Announcing: Coffee-Trace -- easy execution tracing


#1

The readme file …

coffee-trace Atom editor package

Add detailed trace output to the console for functions and assignment statements in coffee files with one keypress for each line of source code traced. See project at GitHub.

Usage

Pressing ctrl-alt-t (coffee-trace:toggle) when -> or => is selected in your coffee source file will add a debug call that wraps the function and logs that function to the console along with argument values. Pressing that key combo when the = of an assignment statement is selected will add a debug call that logs each assignment along with the value assigned.

Note that you don’t actually have to select all of ->, =>, or =. Clicking on them, or in the space around them, will work as well. If you aren’t in a coffee file, or you have not clicked in a proper place, then pressing the key combo will do nothing.

Multiple source files can have trace statements at the same time. In the sample console output below you can see that the file name is shown in each trace line along with the line number.

After adding the trace calls you must reload Atom to run your package and see the trace output.

The Trace Calls Inserted

The function trace calls and assignment trace calls inserted look like …

compressedText: (text, len, pos) ->                                    # before
compressedText: cT("dText:text,len,pos->~78fcT") (text, len, pos) ->   # after

@text = @buffer.getText()                      # before
@text = cT("@text=~32acT") @buffer.getText()   # after

Each call is to the trace function cT(). The string argument for that call contains three parts. There is a shortened version of the code, e.g. dText:text,len,pos->, the line number 78, and the type of call (fcT for functions and acT for assignments).

The Trace Function Added

The trace function cT() is added to the bottom of the source file. It is in javascript so that it can be a named function and called from above. It is always the same (per version of coffee-trace). This function prints the line in the console and then calls the wrapped function or returns the asigned value so that the code execution is unchanged by the tracing.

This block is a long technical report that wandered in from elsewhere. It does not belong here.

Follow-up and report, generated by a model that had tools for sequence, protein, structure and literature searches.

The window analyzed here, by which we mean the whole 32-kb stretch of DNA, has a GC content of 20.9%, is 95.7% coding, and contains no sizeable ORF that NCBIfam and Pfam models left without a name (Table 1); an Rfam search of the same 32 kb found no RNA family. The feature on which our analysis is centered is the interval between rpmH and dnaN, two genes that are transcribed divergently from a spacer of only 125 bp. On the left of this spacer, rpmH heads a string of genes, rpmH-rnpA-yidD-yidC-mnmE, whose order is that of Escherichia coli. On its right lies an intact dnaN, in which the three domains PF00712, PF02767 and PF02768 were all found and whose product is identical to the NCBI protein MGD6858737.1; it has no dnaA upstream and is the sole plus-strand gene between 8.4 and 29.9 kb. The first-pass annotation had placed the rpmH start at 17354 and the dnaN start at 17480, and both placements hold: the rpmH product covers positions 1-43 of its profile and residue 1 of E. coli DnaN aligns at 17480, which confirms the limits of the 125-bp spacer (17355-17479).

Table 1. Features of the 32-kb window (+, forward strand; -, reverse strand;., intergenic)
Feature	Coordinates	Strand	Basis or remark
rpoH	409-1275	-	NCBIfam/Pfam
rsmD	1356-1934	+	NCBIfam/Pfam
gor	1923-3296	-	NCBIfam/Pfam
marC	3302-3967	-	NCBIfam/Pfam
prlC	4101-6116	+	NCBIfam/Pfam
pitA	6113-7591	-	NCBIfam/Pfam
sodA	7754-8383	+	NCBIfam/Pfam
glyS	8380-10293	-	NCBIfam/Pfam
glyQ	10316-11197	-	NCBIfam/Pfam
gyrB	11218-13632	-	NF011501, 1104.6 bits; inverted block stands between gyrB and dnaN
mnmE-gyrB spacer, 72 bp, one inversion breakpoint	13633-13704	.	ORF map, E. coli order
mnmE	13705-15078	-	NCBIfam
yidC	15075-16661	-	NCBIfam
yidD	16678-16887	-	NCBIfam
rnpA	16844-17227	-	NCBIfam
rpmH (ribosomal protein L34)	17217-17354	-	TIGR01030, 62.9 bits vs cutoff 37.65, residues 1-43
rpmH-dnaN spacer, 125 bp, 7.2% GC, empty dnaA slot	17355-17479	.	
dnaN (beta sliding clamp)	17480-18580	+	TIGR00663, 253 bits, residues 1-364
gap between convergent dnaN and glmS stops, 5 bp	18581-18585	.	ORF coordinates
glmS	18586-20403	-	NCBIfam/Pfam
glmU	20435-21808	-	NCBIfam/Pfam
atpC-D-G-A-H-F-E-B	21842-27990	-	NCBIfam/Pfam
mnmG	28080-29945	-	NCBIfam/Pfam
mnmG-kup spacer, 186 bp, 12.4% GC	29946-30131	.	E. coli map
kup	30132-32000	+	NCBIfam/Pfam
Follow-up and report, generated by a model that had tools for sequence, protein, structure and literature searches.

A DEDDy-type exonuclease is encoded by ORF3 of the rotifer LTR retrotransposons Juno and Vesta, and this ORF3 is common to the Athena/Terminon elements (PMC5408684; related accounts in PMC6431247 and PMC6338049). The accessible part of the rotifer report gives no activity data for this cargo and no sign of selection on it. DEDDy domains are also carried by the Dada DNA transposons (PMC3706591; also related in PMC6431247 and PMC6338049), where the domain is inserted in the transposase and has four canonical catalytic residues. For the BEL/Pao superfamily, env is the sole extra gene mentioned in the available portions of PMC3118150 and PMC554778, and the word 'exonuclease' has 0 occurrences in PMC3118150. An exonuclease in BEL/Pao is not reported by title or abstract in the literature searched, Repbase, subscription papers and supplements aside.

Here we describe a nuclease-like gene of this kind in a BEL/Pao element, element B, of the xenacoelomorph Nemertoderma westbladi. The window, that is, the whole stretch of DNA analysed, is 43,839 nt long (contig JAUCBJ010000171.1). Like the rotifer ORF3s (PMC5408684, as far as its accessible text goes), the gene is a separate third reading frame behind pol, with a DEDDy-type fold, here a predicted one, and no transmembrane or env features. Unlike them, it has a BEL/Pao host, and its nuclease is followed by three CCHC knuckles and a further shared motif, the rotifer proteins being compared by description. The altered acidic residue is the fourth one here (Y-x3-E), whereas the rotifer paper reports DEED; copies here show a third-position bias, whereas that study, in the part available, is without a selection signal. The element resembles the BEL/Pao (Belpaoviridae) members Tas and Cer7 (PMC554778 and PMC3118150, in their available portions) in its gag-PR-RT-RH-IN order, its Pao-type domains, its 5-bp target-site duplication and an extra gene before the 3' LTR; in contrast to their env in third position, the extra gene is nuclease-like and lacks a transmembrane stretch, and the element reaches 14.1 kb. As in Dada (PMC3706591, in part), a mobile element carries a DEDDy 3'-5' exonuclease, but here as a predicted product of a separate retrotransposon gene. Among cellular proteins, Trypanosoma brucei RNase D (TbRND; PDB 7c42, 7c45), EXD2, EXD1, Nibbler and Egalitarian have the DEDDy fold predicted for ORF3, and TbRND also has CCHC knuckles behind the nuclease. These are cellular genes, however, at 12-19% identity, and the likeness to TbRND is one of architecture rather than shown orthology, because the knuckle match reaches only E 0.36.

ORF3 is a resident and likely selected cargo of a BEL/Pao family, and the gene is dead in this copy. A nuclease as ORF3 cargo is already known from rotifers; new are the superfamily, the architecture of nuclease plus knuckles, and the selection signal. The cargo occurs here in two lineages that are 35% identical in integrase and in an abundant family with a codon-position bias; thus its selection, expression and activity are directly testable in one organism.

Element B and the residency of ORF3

The Console Output

43.76 coffee-trace:18 (toggle:             ) [] 
48.63 coffee-trace:31 (@buffer=            ) [TextBuffer]
48.63 coffee-trace:32 (@text=              ) ["hello world"]
49.76 coffee-trace:78 (dText:text,len,pos->) ["more text", 20, 10] 

Each trace line in the console has these parts aligned in columns.

  • Time (43.76). The seconds and hundredth’s of a second of wall time.
  • File name (possibly truncated) and line number (coffee-trace:31).
  • Abbreviated source code (@text=). This helps remember the line and usually shows variable names.
  • Trace values ([“more text”, 20, 10]). An array of function argument values or one assignment value.

Restoring Your Source Code

The key combo ctrl-alt-t (coffee-trace:toggle) toggles the trace calls and the trace function on and off.

  • Click in one of the existing trace calls and press the key combo to remove that call. If you remove the last trace call then the trace function at the bottom of the file will also be removed.
  • If you click in the trace function itself and press the key combo then all trace calls in the file and that trace function will be removed. This is the easy way to restore your file to it’s original condition.

License

Coffee-trace is copyrighted with the MIT license.